Melissa Battler's mission to Mars

Tuesday, August 24, 2004

Melissa Battler

Earth and Space is part of the new Ontario Curriculum through grade 12. Melissa got the Earth Sciences bug while she was at high school in Cambridge. Her Earth sciences teacher, Stan Jones created the spark of interest and she has found her career interest. Melissa wishes to work on Mars exploration projects. When she graduated from the University of Waterloo in Spring 2004 she will continue an interest which has given her opportunities even as an undergraduate.

BELOW: Melissa collecting a sample of the Dakota Sandstone.

Melissa collecting a sample

Melissa was keen on organizing a field trip to the Southwestern U.S.A. for the Earth Sciences Students Society and was one of the student organizers who planned the trip with Peter Russell over the Christmas vacation 2002-03. The trip included a daylong hike of the Grand Canyon and a visit to the Berringer Meteorite Crater.

A month after that trip Melissa took part in a project at the Mars Desert Research Station. This was a joint project of the Mars Society of Canada and the Mars Society of Australia, these groups formed the Mars Expedition Research Council. Melissa flew to Salt Lake City and drove to Hanksville, in southeastern Utah. The Mars Desert Research Station is a Mars analog Research Station at a designated Mars Society Analog site. While at the Mars Desert Research Station, Melissa participated in Expedition One. Expedition One is the first in a series of science- driven Mars simulations. During the two weeks of the project Melissa lived and worked in the Mars Habitat a building housing labs and living quarters. Attached to the Mars Habitat is a greenhab where the water is recycled using plants etc. An observatory is also on site. Food for the mission was army rations and dried food. Participants were also limited to one shower per week.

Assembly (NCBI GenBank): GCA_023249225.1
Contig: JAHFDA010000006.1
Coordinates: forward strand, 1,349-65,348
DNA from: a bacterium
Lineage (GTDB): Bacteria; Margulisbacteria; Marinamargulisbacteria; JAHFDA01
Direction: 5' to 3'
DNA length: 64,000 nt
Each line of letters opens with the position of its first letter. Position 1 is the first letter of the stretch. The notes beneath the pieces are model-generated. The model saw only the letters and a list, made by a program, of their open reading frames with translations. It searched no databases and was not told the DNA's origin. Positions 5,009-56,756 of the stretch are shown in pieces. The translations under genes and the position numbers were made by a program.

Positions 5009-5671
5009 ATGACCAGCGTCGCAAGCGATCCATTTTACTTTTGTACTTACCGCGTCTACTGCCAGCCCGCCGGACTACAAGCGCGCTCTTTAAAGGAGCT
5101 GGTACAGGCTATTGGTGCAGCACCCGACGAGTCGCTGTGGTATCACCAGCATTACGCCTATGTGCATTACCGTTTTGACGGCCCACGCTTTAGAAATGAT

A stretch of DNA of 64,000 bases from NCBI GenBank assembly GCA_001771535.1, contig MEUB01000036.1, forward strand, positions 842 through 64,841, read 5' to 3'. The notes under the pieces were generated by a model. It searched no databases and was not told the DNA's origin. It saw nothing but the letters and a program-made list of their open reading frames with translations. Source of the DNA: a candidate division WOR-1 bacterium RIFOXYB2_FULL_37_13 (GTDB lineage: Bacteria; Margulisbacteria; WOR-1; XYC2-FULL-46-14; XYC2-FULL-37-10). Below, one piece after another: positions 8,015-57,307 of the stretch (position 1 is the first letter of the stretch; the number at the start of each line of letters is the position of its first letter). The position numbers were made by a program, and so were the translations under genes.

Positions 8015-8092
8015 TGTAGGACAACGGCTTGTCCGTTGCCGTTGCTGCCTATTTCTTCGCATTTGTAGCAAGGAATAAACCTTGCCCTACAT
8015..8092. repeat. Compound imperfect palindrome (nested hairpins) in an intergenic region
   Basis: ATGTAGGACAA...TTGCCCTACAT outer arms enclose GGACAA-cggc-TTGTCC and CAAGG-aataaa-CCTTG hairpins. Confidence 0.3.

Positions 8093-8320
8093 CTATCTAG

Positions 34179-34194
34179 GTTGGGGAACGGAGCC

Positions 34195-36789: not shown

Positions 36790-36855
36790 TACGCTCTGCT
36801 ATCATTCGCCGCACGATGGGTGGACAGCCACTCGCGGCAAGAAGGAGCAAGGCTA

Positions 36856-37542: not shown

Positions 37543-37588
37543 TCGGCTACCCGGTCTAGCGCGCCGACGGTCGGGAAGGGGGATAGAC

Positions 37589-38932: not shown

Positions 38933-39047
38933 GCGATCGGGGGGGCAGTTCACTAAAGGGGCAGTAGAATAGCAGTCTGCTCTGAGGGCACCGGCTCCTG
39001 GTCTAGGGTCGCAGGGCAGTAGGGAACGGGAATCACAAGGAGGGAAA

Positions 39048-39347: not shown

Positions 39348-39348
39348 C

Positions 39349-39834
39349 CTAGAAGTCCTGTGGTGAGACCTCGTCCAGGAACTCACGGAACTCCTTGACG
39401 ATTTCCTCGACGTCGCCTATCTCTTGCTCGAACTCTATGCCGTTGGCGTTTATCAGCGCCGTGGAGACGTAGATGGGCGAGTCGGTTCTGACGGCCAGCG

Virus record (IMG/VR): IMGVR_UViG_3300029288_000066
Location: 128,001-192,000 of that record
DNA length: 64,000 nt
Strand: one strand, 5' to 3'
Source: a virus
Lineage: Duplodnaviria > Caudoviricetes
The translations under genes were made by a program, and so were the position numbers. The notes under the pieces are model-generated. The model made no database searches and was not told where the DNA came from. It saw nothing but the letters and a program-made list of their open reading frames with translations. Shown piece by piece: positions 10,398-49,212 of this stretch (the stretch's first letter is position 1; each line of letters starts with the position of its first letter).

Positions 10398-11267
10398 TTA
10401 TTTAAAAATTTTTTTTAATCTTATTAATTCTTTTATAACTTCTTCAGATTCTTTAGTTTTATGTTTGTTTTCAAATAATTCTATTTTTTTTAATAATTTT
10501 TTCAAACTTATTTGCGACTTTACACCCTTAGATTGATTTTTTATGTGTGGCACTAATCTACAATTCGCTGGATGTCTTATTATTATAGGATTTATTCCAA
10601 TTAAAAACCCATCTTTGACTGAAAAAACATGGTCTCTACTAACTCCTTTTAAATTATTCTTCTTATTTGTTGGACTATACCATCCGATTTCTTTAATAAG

Melissa and coworkers

ABOVE: Ready for fieldwork.

Melissa was one of the three mission geologists on Expedition One. There were nine geological and biological goals for the mission. 14 people were involved in the four phases of the mission. Most participants on the mission were geologists, biologists, engineers and psychologists. They came from NASA, universities and government. All the work from the mission has been published. Melissa studied the Dakota Sandstone as if it occurred on Mars. The sandstone was studied for evidence of water. This research was used for Melissa's fourth year thesis, part of her final year of courses at the University of Waterloo.

Starting in June 2004 Melissa will spend ten weeks at the NASA Aimes Astrobiology Academy as the Canadian representative. She will attend courses, participate in research and visit NASA facilities in California. Part of the research will be the design of a drill to be used on a Mars project in five years time.

Melissa will then travel to Memorial University, Newfoundland where she will start a Masters degree with Guigné International. Melissa will study ice berg scours on Earth, and features that appear to be ice berg scours on Mars (caused by ice floating in rivers or oceans and scraping the bottom sediment). Guigné International specializes in geophysics applied to space activities.

BELOW: Mars Habitat with greenhab and observatory.

Mars Habitat with greenhab and observatory